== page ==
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Lesson 5: Story Length

Y
ou broke it down into four parts: acts 1, 2a, 2b, and 3. They should be around equal length each. But how long should each part be?

That depends on the storyLoading....

Each act could be one panel. That way, you get a four-panel storyLoading..., also called Yonkoma in Japanese. The first panel sets the scene, the second panel develops a storyLoading... that happens, the third panel forms the climax, in which a surprising thing may happen, and the fourth panel is the emotional unraveling of it. You don't have to stick to it very rigidly. Sometimes, it works best if told in three panels, for example.

This advice goes against all the other advice about writing.
Each part could also be one page. How big is a page? That depends on the type of comicLoading.... Italian pocket comicsLoading... have one or two panels per page. American comicsLoading... tend to have one to six panels per page, while Franco-Belgian albums often have six to ten panels per page.

Each part could also be several pages, or they could even be a whole comicsLoading... issue or album. Or the parts could be horizontal-scrolling web pages that are approximately the same length.

For this assignment, we will take the first stab at breaking the storyLoading... down into panels. Take each part of your storyLoading..., and break it into what you think would be a good breakdown of panels.

Things to consider are the following:

1) Write the panels in a passive voice. This advice goes against all the other advice to write active sentences, but in this case, passive sentences are better because you are describing what is happening in that panel. The panel is a static thing, a still image. You are describing what you will see in that still frame. Using passive sentences will, for example, help you by preventing yourself from writing a panel where someone does multiple things. It is a still frame; they are doing one specific thing in that panel.

2) Consider starting with an establishing shot, so that the reader can see the location. You can then leave out the background in later panels and leave room for word balloons.

3) Try to break it up into panels in such a way that the panels already tell the storyLoading... visually, so that you can already follow the storyLoading... even if there is no dialogue.

4) Try to refrain from ‘calling shots.’ You can work out the camera angles and such at a later stage. Instead, do describe what you see in the order you will see it. See it as telling a storyLoading... visually, as the eye glides over the page.

5) You write the scriptLoading... panels without the dialogue because this way, you can first find out what aspects of the storyLoading... you can tell visually. If you can explain something visually, you don't need to explain it with words, and you will need less text on the page. If you start with the words on the page, you might end up explaining things with words that can also, or more effectively even, be shown through images. Start with the images, then add words where they are necessary to tell the storyLoading....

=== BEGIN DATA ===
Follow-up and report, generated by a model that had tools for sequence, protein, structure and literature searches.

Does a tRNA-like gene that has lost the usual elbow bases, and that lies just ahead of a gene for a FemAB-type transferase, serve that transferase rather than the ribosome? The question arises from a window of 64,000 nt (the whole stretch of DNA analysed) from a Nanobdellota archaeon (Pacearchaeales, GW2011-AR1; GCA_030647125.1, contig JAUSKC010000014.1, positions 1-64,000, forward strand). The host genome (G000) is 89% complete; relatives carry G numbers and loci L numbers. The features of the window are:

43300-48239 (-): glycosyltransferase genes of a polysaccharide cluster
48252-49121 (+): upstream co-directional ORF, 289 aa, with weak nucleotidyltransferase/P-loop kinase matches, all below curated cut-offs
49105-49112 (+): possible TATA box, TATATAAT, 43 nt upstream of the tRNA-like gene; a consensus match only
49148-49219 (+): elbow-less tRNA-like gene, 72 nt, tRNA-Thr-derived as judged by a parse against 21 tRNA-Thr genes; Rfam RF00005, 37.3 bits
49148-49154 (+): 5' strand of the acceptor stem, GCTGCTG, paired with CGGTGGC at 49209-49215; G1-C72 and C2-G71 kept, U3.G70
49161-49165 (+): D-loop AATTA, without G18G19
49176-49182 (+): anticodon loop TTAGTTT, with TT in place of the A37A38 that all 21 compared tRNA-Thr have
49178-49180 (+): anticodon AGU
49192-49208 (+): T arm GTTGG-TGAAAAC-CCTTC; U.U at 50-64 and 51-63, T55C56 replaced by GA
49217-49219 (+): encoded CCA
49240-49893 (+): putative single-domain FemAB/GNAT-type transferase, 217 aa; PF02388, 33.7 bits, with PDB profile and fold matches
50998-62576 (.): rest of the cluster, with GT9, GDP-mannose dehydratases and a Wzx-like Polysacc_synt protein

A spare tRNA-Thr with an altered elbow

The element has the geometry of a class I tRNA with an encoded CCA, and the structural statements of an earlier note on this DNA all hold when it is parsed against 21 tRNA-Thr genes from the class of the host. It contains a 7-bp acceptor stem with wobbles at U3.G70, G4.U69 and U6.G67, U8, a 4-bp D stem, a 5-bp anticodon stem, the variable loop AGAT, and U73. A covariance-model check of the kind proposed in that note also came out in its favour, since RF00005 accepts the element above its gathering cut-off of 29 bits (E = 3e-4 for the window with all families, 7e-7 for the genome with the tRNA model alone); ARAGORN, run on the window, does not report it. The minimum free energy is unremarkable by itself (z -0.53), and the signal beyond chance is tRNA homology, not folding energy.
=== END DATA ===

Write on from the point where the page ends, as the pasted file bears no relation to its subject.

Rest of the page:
Format: right now, you are writing a scriptLoading... for yourself, so any form that is clear to you is fine.

For this assignment, you will break down your storyLoading... into panels.


I will do this course along with you, and here is my storyLoading... breakdown into panels.

Act 1

Panel: Establishing shot, the interior of an airport.

Panel: JACK, in his 40s, stands at a bar before check-in at an airport, carry-on luggage standing next to him.

Panel: Jack is about to take a sip, but he is distracted by something that is off-panel, something that is vying for his attention.

Act 2a

Panel: LINDA, 20s blonde, this stunning woman in a red pencil dress.

Panel: Linda smiles.

Panel: Linda turns and leaves with a teasing smile.

Panel: Linda in the distance.

Panel: Jack looks at her, dreamily, his drink still in his hand.

Panel: Jack finally takes a sip. A television in the background is tuned in to a news channel and they are talking about a criminal who has just been arrested.

Panel: Jack looks down.

Panel: Shock on Jacks face.

Act 2b

Panel: Where his carry-on used to be, it is now gone.

Panel: Jack tosses cash on the counter.

Panel: Jack rushes out the bar.

Panel: Jack is standing in the hall, where many travelers are walking in all kinds of directions. Military personnel walk around too, for security.

Panel: Jack frantically looks around, but he doesn't see her.

Act 3

Panel: Establishing shot, outside the airport.

Panel: Linda walks out of the airport wearing a long raincoat covering her red dress. And she wears a big hat and glasses, which cover her face somewhat. A guy walks next to her. He has Jack's carry-on suitcase.

Panel: farther away, a guy whispers into a mobile device. We see Linda and her companion walk past the guy behind him.

Panel: Police cars screech to a halt before Linda and her accomplice.

Panel: Jack comes running out of the airport, flashing his badge.

Panel: He arrests her and her accomplice, and they are led to the police cars.


Next Assignment 6: The Script

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